In the summer of 2015, I almost drowned. Inviting this life changing event’s influence into my studio practice, my recent paintings and sculptures focus on the African American experience of navigating public spaces while remaining buoyant within them . This work contributes to an important conversation, as African Americans in public space are consistently threatened, now more visibly and openly with the evidence and sharing offered by social media. This barrage of images simulates an experience of drowning under the heavy weight of ten thousand pounds of pressure while being held to the ocean’s floor.
The work incorporates the visual language of naval flags and nautical wayfinding, combined with romanticized objects of the American South as a means to communicate the psychological and the physical. These references signal the warning of a threat or the possibility of safe passage. Working beyond the physical image of the body, objects of buoyancy and navigation become metaphors for selfhood, resilience, and the sanity required in the turbulent oceans of contemporary America.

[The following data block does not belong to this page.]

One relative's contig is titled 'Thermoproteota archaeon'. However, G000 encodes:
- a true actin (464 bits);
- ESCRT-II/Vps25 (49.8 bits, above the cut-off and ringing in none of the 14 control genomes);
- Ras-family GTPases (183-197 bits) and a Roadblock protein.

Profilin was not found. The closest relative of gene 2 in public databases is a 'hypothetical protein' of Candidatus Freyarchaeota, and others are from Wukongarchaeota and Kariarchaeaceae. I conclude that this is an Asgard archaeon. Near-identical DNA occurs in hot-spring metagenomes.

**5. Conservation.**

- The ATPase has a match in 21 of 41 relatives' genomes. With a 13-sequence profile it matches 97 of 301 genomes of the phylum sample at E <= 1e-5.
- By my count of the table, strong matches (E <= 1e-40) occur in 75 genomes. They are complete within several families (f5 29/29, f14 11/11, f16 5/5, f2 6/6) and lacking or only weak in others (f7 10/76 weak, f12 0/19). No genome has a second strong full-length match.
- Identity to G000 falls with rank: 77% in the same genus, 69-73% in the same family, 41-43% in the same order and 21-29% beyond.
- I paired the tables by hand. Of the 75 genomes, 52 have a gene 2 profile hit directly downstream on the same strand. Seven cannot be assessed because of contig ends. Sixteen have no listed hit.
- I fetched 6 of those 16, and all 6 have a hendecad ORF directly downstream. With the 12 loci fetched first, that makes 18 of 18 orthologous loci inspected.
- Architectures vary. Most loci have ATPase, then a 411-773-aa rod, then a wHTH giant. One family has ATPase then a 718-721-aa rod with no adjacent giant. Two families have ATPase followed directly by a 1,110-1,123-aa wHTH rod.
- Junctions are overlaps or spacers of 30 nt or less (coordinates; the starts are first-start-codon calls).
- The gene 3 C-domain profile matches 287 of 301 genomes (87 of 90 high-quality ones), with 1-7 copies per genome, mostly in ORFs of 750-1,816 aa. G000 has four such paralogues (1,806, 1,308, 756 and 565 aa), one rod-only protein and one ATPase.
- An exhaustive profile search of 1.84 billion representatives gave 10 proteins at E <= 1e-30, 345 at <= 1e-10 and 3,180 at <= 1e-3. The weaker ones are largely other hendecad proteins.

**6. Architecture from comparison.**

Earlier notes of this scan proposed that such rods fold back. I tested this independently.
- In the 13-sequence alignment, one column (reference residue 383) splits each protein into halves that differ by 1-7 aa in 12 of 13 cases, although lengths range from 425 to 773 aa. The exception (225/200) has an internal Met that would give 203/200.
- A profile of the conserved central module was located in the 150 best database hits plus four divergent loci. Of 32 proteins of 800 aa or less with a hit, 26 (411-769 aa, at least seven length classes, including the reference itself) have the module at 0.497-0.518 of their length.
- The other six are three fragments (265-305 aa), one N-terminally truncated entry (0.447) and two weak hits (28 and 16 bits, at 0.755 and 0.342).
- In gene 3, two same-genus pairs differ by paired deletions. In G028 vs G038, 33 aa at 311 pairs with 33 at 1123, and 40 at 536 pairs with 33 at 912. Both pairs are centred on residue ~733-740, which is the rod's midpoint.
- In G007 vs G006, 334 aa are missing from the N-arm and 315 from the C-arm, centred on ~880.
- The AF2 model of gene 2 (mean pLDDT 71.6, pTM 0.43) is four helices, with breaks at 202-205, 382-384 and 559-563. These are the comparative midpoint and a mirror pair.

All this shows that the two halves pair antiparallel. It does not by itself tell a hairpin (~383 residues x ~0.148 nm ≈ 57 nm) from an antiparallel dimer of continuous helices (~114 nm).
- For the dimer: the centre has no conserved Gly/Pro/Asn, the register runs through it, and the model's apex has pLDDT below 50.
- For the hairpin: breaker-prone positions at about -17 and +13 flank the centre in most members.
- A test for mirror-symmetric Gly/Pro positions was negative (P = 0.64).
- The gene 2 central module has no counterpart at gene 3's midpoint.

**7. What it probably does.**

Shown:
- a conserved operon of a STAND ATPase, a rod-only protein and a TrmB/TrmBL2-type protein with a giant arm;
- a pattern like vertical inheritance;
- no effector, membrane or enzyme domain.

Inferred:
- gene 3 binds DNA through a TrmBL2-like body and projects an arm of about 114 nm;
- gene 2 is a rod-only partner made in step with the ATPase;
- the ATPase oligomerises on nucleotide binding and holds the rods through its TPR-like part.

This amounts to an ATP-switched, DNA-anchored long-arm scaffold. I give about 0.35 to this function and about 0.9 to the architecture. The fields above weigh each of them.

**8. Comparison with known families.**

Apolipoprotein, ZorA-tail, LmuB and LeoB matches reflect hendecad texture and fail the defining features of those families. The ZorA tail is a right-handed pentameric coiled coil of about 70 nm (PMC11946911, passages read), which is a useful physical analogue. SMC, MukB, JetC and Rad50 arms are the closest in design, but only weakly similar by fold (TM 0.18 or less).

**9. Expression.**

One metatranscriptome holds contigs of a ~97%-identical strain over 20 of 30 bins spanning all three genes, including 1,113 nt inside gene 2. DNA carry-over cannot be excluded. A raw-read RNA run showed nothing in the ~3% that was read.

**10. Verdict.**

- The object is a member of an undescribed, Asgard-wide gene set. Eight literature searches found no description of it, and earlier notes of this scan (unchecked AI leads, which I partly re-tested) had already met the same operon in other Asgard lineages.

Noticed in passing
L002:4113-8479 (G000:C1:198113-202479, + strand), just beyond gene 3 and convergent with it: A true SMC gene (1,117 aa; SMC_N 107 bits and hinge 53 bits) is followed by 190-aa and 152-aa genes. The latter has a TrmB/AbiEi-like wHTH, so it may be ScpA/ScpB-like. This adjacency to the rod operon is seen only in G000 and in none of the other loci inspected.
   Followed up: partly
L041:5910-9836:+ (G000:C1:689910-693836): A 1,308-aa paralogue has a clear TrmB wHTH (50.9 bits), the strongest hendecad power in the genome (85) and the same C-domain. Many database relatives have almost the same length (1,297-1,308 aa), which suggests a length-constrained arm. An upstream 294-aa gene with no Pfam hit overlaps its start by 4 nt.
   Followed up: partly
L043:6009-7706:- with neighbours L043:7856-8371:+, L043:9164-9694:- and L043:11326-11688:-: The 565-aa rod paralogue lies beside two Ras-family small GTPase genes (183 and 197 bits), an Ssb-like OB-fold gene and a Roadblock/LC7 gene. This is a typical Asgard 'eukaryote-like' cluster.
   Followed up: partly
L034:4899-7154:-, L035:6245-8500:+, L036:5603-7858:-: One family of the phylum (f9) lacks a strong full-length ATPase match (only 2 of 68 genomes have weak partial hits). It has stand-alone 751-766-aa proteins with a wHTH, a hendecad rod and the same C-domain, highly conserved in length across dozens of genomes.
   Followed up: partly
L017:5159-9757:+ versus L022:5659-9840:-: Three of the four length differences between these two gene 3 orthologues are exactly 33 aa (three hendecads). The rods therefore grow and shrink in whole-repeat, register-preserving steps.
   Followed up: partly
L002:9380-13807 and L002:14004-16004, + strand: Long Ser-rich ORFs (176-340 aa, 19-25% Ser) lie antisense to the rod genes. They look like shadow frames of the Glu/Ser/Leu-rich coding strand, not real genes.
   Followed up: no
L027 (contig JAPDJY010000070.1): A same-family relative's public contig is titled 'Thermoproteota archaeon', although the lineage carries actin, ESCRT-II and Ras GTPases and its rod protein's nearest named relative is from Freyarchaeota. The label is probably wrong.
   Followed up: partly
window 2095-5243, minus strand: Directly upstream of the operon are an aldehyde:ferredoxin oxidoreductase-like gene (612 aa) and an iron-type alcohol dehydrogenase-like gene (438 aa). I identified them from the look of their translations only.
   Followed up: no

The use of navigation is one of the skills required for any journey. At a youthful age this knowledge is taught through oral history and becomes the framework for understanding a past and a present mobility. It is the necessary visual device for future expeditions and one's survival.
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